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Meet three of Gaza's female fixers
19 September 2015

Gaza (Al Jazeera) – Being a journalist in Gaza has never been more challenging than it is the case today. Since 2005, three wars (2008-9, 2012 and 2014) have been waged on the tiny coastal territory bordering the Mediterranean Sea, and its 1.8 million citizens have become increasingly isolated from the outside world, forced to live under prison-like conditions as a consequence of the long blockade and severe security measures imposed by the Israeli government. In addition to the increased limits on mobility of the people of Gaza, foreign journalists wishing to report from the Strip are also facing mounting restrictions: after taking full control over the Gaza Strip in 2007, the Hamas administration has required foreign correspondents to work with a local, approved 'sponsor', known as a 'fixer’. Today, there is a fixer behind most of the reports filed by foreign correspondents from Gaza; this can be a local journalist, or simply someone with a good command of the English language, extensive contacts and knowledge. Al Jazeera has spoken with three of Gaza’s female fixers: Ameera Ahmad Harouda, Walaa al-Ghussein and Lara Aburamadan. These three women have worked hard to create a name for themselves in a male-dominated media-environment, where being a woman is often considered incompatible with the pursuit of a professional journalistic career. While the three fixers have different ambitions and aspirations for their futures, they are united in being an essential link between the lives of people in Gaza, and the world beyond: they make accessible the Gazans’ stories of suffering, tragedy and pain, as well as those of joy, hope and ambition, and thus ensure that the conflict that has harrowed the small territory for so many years remains a key concern for the international community at large.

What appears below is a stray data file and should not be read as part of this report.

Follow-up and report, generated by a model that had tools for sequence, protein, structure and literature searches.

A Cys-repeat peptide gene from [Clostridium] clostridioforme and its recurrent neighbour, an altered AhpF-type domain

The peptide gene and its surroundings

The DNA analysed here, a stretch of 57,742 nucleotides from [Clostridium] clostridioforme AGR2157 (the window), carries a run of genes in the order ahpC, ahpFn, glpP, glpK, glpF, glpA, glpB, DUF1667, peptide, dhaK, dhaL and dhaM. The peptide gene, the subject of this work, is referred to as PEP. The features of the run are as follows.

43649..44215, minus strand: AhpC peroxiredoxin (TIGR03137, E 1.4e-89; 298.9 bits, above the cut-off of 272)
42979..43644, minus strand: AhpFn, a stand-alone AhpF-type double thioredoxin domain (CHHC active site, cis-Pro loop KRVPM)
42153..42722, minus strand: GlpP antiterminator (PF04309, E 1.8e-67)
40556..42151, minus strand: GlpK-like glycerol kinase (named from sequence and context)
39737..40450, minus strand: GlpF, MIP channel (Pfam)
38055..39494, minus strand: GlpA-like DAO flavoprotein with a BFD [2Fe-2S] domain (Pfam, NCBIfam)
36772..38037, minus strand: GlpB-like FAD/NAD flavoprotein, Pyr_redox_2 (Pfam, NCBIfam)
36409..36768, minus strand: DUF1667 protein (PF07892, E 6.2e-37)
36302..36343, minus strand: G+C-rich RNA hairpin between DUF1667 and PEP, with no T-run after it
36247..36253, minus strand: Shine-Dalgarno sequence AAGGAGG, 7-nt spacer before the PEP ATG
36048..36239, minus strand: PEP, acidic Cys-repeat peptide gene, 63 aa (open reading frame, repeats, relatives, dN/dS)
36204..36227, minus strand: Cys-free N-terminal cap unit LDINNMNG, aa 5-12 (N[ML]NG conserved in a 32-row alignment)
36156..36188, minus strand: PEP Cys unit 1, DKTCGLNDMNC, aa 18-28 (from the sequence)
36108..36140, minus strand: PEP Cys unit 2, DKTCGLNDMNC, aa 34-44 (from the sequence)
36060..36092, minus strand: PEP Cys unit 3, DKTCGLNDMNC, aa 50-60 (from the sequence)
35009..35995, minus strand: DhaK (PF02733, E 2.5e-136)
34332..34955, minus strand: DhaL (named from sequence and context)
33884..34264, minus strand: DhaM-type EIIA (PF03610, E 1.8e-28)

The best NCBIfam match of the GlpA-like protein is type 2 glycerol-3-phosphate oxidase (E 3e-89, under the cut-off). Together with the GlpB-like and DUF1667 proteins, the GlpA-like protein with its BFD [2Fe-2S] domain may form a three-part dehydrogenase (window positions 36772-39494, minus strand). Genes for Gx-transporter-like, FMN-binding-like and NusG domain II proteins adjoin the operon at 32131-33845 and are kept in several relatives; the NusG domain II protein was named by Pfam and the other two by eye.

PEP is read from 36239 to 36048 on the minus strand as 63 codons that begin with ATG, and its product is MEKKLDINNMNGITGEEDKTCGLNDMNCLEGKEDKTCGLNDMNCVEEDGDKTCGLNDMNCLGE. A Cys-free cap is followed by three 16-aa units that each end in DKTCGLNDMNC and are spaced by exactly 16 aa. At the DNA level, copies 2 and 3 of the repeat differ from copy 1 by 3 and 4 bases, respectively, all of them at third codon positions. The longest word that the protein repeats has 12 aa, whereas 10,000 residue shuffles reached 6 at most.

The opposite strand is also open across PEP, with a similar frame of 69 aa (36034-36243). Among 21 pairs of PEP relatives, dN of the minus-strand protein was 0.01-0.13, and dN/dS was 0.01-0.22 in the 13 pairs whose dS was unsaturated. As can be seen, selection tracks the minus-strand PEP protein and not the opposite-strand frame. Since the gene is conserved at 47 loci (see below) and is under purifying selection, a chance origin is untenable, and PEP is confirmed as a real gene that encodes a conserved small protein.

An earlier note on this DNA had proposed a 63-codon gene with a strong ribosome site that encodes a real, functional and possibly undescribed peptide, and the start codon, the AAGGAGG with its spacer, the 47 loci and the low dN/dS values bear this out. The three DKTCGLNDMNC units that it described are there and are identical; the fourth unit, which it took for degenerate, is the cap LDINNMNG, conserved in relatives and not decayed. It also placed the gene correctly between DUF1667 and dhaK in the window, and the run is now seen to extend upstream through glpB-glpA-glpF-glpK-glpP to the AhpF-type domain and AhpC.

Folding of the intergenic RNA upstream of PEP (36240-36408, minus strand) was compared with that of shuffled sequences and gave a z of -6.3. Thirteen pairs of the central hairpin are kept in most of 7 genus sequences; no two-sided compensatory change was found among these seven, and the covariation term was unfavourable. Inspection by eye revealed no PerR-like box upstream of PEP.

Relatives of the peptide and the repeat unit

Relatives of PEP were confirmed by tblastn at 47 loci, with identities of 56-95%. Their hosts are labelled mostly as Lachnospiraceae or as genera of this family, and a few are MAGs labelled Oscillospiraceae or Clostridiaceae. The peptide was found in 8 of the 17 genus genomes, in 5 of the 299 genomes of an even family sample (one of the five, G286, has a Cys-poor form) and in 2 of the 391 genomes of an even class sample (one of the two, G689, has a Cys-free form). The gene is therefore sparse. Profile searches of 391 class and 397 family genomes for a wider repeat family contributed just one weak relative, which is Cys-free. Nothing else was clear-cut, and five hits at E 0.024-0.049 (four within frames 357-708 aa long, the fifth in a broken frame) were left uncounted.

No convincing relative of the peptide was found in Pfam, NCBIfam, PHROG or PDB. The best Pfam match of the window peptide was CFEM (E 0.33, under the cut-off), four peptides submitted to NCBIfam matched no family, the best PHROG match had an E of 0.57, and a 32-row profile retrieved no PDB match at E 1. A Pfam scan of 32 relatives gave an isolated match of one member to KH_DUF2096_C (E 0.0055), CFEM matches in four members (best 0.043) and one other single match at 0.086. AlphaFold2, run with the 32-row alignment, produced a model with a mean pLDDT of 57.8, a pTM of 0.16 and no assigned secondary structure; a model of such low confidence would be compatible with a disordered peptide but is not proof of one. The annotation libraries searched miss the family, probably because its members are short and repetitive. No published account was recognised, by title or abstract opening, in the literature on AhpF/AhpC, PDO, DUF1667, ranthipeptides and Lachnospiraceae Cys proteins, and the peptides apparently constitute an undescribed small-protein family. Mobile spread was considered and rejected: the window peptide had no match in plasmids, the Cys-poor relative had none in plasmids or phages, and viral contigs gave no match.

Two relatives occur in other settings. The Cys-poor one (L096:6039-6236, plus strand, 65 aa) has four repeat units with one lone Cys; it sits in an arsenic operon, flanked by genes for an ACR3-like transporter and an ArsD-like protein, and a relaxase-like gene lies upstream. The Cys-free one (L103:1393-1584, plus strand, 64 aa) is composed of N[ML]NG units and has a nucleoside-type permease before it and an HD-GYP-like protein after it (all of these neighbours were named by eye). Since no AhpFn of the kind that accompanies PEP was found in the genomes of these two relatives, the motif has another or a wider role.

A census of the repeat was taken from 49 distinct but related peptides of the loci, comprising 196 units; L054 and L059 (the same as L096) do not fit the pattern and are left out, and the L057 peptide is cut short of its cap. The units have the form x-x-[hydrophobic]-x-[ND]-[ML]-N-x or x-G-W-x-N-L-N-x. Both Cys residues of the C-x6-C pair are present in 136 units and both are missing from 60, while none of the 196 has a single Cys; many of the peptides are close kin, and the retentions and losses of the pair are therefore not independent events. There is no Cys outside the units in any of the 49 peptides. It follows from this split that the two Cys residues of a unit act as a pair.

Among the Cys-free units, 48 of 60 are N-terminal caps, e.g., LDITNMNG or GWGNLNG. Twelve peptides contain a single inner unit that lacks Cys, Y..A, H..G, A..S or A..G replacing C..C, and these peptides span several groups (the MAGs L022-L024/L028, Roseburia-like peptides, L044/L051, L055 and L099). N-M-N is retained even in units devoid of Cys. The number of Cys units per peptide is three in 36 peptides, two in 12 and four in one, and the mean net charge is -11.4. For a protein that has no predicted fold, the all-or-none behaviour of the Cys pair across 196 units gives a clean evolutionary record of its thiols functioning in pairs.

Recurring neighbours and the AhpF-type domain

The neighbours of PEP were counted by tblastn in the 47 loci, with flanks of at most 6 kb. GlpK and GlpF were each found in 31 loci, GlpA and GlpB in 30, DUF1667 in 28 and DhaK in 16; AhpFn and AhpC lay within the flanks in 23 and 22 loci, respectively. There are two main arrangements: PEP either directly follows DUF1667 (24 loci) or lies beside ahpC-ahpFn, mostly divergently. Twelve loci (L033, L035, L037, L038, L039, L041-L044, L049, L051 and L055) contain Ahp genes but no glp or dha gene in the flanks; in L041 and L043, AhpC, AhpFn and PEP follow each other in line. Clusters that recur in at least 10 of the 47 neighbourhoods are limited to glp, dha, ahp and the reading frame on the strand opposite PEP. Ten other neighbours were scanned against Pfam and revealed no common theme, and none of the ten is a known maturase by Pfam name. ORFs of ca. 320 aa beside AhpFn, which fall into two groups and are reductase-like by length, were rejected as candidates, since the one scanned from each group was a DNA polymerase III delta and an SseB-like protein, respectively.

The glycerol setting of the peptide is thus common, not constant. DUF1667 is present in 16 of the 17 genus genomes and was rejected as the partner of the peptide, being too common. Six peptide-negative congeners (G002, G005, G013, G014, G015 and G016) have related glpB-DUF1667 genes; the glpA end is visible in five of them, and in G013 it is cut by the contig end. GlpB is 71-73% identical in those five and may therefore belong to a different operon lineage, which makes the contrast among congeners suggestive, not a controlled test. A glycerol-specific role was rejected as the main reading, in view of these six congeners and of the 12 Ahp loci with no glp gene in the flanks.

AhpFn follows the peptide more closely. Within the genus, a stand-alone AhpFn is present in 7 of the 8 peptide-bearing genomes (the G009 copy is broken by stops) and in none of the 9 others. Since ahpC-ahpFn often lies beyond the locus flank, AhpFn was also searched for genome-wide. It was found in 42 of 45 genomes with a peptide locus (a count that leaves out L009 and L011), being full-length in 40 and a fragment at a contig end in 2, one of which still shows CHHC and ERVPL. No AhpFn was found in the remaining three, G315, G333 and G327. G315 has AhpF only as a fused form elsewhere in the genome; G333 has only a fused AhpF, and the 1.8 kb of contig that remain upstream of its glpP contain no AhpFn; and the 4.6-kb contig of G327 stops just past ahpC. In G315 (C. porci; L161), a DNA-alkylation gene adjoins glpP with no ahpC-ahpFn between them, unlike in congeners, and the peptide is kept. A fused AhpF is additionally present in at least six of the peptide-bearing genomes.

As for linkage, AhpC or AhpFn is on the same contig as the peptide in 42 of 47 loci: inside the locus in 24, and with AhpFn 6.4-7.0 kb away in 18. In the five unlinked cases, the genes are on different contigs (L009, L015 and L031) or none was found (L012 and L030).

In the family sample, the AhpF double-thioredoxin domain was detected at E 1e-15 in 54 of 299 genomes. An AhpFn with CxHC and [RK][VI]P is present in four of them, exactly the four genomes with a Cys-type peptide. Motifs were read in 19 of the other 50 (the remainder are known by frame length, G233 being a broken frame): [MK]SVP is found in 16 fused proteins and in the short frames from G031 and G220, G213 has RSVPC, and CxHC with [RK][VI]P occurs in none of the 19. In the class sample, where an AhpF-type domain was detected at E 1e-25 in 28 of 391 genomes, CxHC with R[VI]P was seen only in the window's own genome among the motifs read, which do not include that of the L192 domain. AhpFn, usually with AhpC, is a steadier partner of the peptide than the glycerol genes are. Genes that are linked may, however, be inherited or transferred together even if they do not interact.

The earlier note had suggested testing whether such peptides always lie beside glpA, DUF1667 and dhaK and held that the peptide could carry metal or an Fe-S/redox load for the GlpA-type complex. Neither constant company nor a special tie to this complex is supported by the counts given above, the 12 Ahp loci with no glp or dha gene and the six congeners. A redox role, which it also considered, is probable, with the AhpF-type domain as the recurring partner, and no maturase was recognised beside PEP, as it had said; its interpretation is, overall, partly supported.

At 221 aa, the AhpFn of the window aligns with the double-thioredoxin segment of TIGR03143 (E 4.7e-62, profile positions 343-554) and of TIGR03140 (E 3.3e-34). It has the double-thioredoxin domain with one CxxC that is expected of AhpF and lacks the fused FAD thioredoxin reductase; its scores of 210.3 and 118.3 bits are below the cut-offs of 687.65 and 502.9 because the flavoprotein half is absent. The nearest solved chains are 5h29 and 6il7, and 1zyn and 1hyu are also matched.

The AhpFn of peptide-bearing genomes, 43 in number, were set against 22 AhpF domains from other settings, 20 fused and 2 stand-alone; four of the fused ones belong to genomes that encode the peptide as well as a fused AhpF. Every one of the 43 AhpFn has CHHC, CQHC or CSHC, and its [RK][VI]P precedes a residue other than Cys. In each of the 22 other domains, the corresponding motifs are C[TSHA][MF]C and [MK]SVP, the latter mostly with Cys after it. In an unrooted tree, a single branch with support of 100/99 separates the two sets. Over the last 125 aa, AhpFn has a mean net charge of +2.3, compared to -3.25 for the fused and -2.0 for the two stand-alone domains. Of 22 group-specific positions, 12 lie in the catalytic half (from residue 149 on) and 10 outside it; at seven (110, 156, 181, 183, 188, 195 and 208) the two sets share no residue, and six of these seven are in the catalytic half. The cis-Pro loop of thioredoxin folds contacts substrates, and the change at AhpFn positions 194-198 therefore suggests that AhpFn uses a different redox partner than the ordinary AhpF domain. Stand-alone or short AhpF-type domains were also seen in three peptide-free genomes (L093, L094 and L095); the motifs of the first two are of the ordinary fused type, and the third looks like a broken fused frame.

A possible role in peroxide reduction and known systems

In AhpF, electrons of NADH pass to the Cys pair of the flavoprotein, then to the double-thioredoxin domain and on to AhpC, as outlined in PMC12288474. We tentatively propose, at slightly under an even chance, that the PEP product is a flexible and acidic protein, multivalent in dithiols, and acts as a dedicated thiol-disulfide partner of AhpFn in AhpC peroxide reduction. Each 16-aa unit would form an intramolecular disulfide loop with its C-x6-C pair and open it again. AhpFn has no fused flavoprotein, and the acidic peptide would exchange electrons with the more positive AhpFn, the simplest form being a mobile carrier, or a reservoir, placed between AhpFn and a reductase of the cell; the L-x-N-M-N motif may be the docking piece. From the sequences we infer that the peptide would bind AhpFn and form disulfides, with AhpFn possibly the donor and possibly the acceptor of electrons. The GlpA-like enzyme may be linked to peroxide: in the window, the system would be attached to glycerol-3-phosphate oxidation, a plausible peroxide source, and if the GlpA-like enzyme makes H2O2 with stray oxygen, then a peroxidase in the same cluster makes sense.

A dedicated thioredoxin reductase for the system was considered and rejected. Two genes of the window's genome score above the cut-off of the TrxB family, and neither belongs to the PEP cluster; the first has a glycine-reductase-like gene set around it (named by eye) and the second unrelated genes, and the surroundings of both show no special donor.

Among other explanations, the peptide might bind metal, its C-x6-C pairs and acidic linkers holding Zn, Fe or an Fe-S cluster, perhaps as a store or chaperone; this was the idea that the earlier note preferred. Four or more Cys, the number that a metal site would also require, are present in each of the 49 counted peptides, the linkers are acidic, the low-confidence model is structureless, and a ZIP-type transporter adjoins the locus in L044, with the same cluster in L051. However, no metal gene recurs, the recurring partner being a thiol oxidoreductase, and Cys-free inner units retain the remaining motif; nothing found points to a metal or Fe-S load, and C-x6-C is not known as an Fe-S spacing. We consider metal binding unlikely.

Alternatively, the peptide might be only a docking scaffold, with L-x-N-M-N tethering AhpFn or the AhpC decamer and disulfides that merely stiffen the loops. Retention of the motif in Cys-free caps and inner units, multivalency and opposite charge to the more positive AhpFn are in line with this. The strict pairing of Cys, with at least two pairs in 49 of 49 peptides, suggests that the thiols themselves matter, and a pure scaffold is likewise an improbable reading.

The full story and photo credits are available at Al Jazeera.